Tennis Excitement, Disappointment and a Better Story


Tennis Excitement, Disappointment and a Better Story

On July 27, I got the call. Bob, you have been one of four players selected to represent the USA to compete for the Senior Davis Cup. Very excited to be chosen as it has been 6 years since I last played for the team. Although I made the team last year, I chose not to participate. The finals would have been contested on Yom Kippur. As was the case in 2004, when I defaulted the finals of the World Championships due to the same conflict, I would not have played on the final day for the team, so I did not go. So it was so much sweeter to make it again. I worked hard on my body and game to have the kind of results for the last year that led to my selection.
This would be the final piece in my comeback since hip surgery in 2009.

My tennis excitement was also high as I would be defending my National Grass singles and doubles titles beginning Labor Day. The Grass has always been my favorite event and I feel that the very best Bob always shows up for this event.

And so, the training began.

On the morning of July 28, I walked on the court to hit some balls with a buddy and I had already changed. I didn’t say a word for 20 minutes. Just hitting. Caring about each shot. My focus was already narrowing for September Grass courts and October matches in Turkey. Throughout the day I noticed that I was making little choices, better choices. Stretching more mindfully. Sitting in silence without any rushing to finish. No french fries with my burger. And extra set of reps on my sit-ups. Confirming and getting no cancellation commitments for practice for the next few weeks.

Ramping up with higher consciousness of all my thoughts, beliefs and actions. This is what I do to get ready to bring the best version of myself to competition. And I love the work. It makes me a better player and, more importantly, it makes me a better person for everything I have to do going forward.

Sure, I had the concerns about missing work with my clients for several weeks this fall. And I was not happy that I would be missing participating in Tennis Congress despite being on the board and loving the opportunity to provide an extraordinary learning experience for over 200 recreational players.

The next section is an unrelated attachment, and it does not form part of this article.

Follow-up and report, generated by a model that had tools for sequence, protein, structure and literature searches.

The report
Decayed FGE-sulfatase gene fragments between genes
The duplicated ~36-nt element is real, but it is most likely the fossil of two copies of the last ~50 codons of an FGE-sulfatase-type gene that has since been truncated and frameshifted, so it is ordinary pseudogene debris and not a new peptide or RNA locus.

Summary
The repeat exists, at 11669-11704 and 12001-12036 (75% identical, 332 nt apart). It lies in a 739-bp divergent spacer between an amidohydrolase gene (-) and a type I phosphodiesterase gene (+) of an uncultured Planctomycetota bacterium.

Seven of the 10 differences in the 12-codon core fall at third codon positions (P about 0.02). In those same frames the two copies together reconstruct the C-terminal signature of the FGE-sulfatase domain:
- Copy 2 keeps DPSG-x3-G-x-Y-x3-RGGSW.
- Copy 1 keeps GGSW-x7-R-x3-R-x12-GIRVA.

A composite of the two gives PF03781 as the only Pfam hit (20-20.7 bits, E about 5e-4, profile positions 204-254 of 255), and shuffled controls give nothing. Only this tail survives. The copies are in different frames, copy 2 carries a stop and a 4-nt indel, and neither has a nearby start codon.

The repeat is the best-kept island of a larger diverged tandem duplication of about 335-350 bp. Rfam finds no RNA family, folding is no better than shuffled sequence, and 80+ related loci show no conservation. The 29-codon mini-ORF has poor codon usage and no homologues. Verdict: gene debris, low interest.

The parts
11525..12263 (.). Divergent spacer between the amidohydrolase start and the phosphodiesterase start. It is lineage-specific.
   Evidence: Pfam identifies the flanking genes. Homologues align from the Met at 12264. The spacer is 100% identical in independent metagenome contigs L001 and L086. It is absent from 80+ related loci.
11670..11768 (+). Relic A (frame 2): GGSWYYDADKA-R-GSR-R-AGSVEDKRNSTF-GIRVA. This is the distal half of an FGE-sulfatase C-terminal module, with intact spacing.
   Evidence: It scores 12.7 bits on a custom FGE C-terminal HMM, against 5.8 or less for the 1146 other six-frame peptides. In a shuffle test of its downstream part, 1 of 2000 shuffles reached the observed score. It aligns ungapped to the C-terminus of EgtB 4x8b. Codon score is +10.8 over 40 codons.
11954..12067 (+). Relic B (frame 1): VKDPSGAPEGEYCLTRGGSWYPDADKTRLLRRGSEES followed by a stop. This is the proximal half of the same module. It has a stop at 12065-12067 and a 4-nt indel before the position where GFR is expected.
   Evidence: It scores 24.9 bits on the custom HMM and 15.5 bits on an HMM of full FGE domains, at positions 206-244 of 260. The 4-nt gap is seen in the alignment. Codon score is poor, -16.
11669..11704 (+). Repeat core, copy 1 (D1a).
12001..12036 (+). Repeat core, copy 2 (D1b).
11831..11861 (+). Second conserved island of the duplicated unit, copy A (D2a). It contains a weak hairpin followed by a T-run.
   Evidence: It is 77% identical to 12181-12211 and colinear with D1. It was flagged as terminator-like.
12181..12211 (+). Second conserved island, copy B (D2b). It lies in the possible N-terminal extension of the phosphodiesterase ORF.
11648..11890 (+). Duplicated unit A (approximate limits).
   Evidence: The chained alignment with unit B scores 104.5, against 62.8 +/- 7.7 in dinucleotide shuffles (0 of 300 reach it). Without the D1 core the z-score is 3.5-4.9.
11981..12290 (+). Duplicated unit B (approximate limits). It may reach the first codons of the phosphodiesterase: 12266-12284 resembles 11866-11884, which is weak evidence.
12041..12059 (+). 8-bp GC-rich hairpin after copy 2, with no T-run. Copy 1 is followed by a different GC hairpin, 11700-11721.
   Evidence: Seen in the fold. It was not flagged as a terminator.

But I can let go of those negatives for the chance, once again to compete at the highest level.

Meanwhile, the US Open was rapidly approaching and in the distance, the thoughts of defending champion Nadal. Injured. Rehabbing. Trying to get ready to defend. Out of the game since Wimbledon. I wondered how long he could wait. How many days or weeks he would need to get ready to play at his highest level. I felt badly for him. Each day that he would get up he would be wondering, “is today the day that I can get out there and start to play?” Must be so tough to be in that spot. You want to start training because playing is the greatest joy for a player.

I am glad that I am not faced with that kind of challenge.

And then, about two weeks ago, I was scheduled to play doubles in a team match in our club league. I showed up at the club and no one was there as the match was moved indoors because of the threat of rain. I hustled to the indoor courts and everyone was already well into the warmup. I didn’t do my dynamic flexibility warmups before playing because I had already made everyone wait. Sure I am a little tight from playing the day before but I will loosen up while playing. In the sixth game I felt a little pull in my calf muscle. One game letter I went to change direction and felt a pop in my calf.